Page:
Honorary awards

Kenneth Frank Charles Woolley AM

The degree of Doctor of Science in Architecture (honoris causa) was conferred upon Kenneth Frank Charles Woolley AM at the Faculty of Architecture, Design and Planning graduation ceremony held at 9.30am on 16 April 2010.

Kenneth Woolley AM

The Deputy Chancellor Mr Alan Cameron AM conferring the honorary degree upon Mr Woolley, photo, copyright Memento Photography.

Kenneth Woolley AM

Kenneth Woolley AM, photo, 'Archetype', Winter 2010.

Kenneth Woolley AM

Kenneth Woolley AM and Acting Dean Professor Richard Hyde, photo, Alumni website.

Citation

Deputy Chancellor, it gives me great pleasure to commend Kenneth Frank Charles Woolley to you for the award of Doctor of Science in Architecture (honoris causa). Ken Woolley has distinguished himself as one of the legends of Australian architecture, a passionate advocate for his profession and a distinguished alumnus of this University.

Ken was educated at Sydney Boys High School and studied architecture at the University of Sydney, graduating in 1955 with first class honours, the University Medal, Sulman Medal and Stephenson Turner Medal. Early in his career he designed, with colleagues, a number of innovative buildings of remarkable quality including the Chemistry School and the award winning Fisher Library at this University, and the urbane high-rise State Office Block in Phillip St, sadly now demolished.

The remarkable aspect of Ken’s approach to architecture is that each building is a unique achievement, perfectly crafted to blend with its physical and social context. His major works include:

  • The Town Hall House offices of the Council of the City of Sydney and the refurbishment of the nearby Queen Victoria Building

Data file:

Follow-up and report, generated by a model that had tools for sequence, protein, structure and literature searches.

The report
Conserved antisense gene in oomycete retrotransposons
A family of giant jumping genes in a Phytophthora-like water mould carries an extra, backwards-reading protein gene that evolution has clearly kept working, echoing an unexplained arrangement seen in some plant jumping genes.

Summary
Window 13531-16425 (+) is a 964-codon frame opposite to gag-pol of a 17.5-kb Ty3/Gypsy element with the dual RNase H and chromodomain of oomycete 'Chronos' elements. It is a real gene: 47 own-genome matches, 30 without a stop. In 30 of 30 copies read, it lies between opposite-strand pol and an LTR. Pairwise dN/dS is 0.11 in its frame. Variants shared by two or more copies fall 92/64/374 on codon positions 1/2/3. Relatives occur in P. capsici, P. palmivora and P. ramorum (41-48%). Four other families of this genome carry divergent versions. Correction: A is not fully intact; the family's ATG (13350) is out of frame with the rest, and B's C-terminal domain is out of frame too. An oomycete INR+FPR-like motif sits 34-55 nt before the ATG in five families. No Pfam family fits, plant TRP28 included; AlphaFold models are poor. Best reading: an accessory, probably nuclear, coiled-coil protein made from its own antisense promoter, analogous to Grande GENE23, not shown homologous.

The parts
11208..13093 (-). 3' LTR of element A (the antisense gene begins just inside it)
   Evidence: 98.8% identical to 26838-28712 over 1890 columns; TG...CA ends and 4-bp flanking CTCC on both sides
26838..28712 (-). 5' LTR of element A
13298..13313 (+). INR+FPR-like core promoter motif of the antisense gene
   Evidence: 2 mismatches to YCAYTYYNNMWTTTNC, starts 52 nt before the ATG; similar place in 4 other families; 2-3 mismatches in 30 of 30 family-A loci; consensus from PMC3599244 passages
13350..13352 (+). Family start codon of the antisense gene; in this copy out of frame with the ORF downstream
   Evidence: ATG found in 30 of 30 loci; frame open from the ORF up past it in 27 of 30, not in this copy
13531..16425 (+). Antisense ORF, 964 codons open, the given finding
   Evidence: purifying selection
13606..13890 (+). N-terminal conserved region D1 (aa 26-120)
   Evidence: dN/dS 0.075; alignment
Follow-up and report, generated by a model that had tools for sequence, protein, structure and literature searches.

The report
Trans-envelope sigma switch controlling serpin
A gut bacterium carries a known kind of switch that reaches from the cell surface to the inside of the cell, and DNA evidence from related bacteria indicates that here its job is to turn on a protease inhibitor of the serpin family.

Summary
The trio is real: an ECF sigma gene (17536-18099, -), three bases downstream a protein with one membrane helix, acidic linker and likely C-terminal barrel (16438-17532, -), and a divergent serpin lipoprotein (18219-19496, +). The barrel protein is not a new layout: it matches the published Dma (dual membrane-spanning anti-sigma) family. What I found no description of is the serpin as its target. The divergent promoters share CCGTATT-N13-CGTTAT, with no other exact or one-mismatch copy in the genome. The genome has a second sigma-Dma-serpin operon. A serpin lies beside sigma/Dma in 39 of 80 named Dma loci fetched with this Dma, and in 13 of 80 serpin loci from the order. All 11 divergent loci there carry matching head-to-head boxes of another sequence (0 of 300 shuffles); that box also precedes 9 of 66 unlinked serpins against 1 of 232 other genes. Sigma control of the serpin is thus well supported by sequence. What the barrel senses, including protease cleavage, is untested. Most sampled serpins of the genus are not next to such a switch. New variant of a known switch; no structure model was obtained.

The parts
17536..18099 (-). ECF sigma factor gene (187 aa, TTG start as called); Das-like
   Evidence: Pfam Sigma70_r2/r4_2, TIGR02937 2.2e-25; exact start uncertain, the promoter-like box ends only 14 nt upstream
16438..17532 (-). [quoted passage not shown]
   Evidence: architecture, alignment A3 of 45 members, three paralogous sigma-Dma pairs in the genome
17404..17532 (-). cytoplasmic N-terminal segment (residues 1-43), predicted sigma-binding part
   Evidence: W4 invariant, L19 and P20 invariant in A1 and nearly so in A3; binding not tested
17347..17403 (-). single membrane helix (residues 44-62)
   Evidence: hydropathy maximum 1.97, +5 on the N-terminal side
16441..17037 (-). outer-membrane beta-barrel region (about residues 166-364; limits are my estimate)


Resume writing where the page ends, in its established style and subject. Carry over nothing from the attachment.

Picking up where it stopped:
• The Park Hyatt Hotel at Campbell’s Cove
  • The Australian Broadcasting Commission’s Radio and Orchestral Centre in Ultimo
  • The Exhibition Hall, Sports Hall and Hockey Stadium at the Homebush Olympic and Showground complex
  • The Arc glasshouse and the Pavilion Restaurant in the Royal Botanic Gardens
  • The Control Tower at Sydney Airport
  • Major extensions to the State Library of Victoria
  • The Australian Embassy in Bangkok, plus
  • Over 3,500 Pettit and Sevitt merchant houses built in the ‘60s and ‘70s that are are loved by their owners like vintage cars, and are the subject of an exhibition in the Powerhouse Museum.

These buildings and many others have been awarded the highest honours the architectural profession can bestow. Ken Woolley was awarded the Royal Institute of Architects Gold Medal in 1993 for his outstanding contributions to Australian architecture and was inducted as a Member of the Order of Australia in 1988. In the words of Emeritus Professor Peter Webber, former NSW Government Architect:

“The architecture of Ken Woolley is memorable because of the integrity of its structure and form, its exquisite refinement of detail and materials, and its urbanity. Woolley has never been hostage to stylistic ideology, he has never been captive to the dogma of the Modern Movement or obscure Post-Modern rhetoric. Every one of his buildings responds sensitively and creatively to its particular context, and superbly relates to its neighbours and the broader environment. Only rarely are their architectural forms visually assertive, and only when their cultural or spiritual purpose embodies values which justify distinctive expression.”

Like all great architects, Ken Woolley is not afraid to initiate debate on major urban design issues. He recently published a design for a large opera theatre at Bennelong Point, built under the gardens of Government House as a practical alternative to an official, extravagant proposal to gut and rebuild the existing opera auditorium. He is also to publish a book on the history of the Opera House that will be a rigorous, dispassionate examination of the political, architectural and engineering decisions that shaped it and will lay bare some of the myths of its creation.

Deputy Chancellor, Ken Woolley is an outstanding alumnus of this University who has applied the highest intellectual standards to the practice of his professional art, and who has enriched this nation with his works, and his unwavering search for rigour and truth in architectural discourse. I heartily commend him to you for the degree of Doctor of Science in Architecture (honoris causa).